Mickey Finns

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Chalk one up for the European Union: It's the reason why Finland is now about to cut liquor costs substantially. From the AP:

When Finland and neighboring Sweden, also concerned about high alcohol consumption, joined the EU in 1995, they were granted special permission to continue their tight policies until January 2004, including limiting the amount of alcohol travelers could bring home from trips abroad to other EU countries.

In Sweden, the government stuck to its policy of high taxes even after the EU's special exemption ended.

In Finland, officials chose to reduce taxes now because they fear what will happen after May 1 when Estonia joins the EU and Finns are expected to swarm to their southern neighbor to buy cheap drink in bulk for personal consumption. Under EU guidelines, people can import 300 bottles of beer and 12 bottles of hard liquor from another EU country without paying any tariffs.

Finland is one of the few developed countries with stricter booze laws than the U.S. There are only 315 state-run liquor stores in the entire country, which might somehow explain their great tradition of long-distance running.

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  1. Finland’s also a country with an appalling drink problem, as well captured by Jim Jarmusch’s film – A Night on Earth.

    I actually think people are allowed to import unlimited booze for personal consumption from one EU country to another. The limits in the AP report refer, I believe, to the level at which the burden of proof shifts from an assumption you are drinking the stuff yourself to an assumption that you are probably selling the stuff on. May be wrong on that though – like lots of EU law, it’s pretty murky and ill-understood.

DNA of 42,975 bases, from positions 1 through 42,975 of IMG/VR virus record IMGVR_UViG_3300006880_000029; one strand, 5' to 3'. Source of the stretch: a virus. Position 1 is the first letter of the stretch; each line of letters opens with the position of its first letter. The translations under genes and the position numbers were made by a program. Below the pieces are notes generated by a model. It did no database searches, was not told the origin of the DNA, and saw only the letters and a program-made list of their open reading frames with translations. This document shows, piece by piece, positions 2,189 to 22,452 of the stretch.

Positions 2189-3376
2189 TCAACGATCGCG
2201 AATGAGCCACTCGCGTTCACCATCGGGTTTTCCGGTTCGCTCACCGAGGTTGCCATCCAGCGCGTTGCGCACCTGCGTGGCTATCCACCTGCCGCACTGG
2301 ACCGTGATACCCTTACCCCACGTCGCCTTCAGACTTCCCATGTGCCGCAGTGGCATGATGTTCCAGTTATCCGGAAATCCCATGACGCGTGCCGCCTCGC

2. What with the long, cold winter nights
    and the woes of the century past,
    I guess a man could lean on the bottle.

    They will have to find another way to fight alcoholism
    and another way to make money off the weaknesses of its citizens.

    Anyone who has lived with an alcoholic understands
    the difficulty of their dilemma.

  3. > Under EU guidelines, people can import 300 bottles of beer and 12 bottles of hard liquor from another EU country without paying any tariffs.

  4. I can’t imagine that the rate of alcoholism will increase. The government controls didn’t make the nights any shorter, the weather any colder, or the people any less taciturn.

    Prohibition doesn’t work. Even when it’s tried in moderation.

  5. > I can’t imagine that the rate of alcoholism will increase.

  6. BRUSSELS, Belgium ? The European Union on Monday started imposing millions of dollars in sanctions on American goods but said it would stop the measure immediately if the U.S. Congress repeals its export tax break legislation.

  7. “Under EU guidelines, people can import 300 bottles of beer and 12 bottles of hard liquor from another EU country without paying any tariffs.”

    Huh? Nonsense, unless this is specifically talking about Finland. Under EU single market rules, if you can demonstrate that it’s for peronal consumption, there’s no limit to the amount of alcohol or tobacco you can bring in (and it’s shameful that you, the consumer, have to prove any such thing – it should be up to the Customs people to show it isn’t). Although the strong pound and fierce competition have made it less advantageous, the phenomenon of the ‘booze cruise’ (in which a bunch of Brits would rent a Ford Transit, hop on the ferry to Calais, buy ?2000-worth of hooch and head straight back) is by no means dead.

    I have heard it said by a Finn that he believed the only thing that was halting his country’s slide into alcoholic ruination was the sky-high price of Scandinavian booze. It could well be. I’ve never been to Finland, but I’ve seen many drunk people in Bergen (one of them was me, in a mirror), and this is a country where a litre of Gordon’s Gin in the duty-free cost me the same (Kr.100 = ?8) as a small beer in the airport bar. Norwegians on holiday somewhere where alcohol is dirt-cheap, like Holland, can be a sight to see.

  8. It’s up to individual Finns not to become alcoholics. Unless their government is issuing the stuff, the consumer has to buy it and drink it. If there is more choice and less government interference, things can happen according to individual desires.

    And it doesn’t matter if it’s rotgut liquor, cheap wine, thick beer, or the watered-down crap called Bud, the alcohol is still alcohol. It’s up to the user not to become an addict. And it’s up to governments not to take simpleminded approaches to tax drinkers while not noticing the effects the taxes have on consumer habits of the drinkers.

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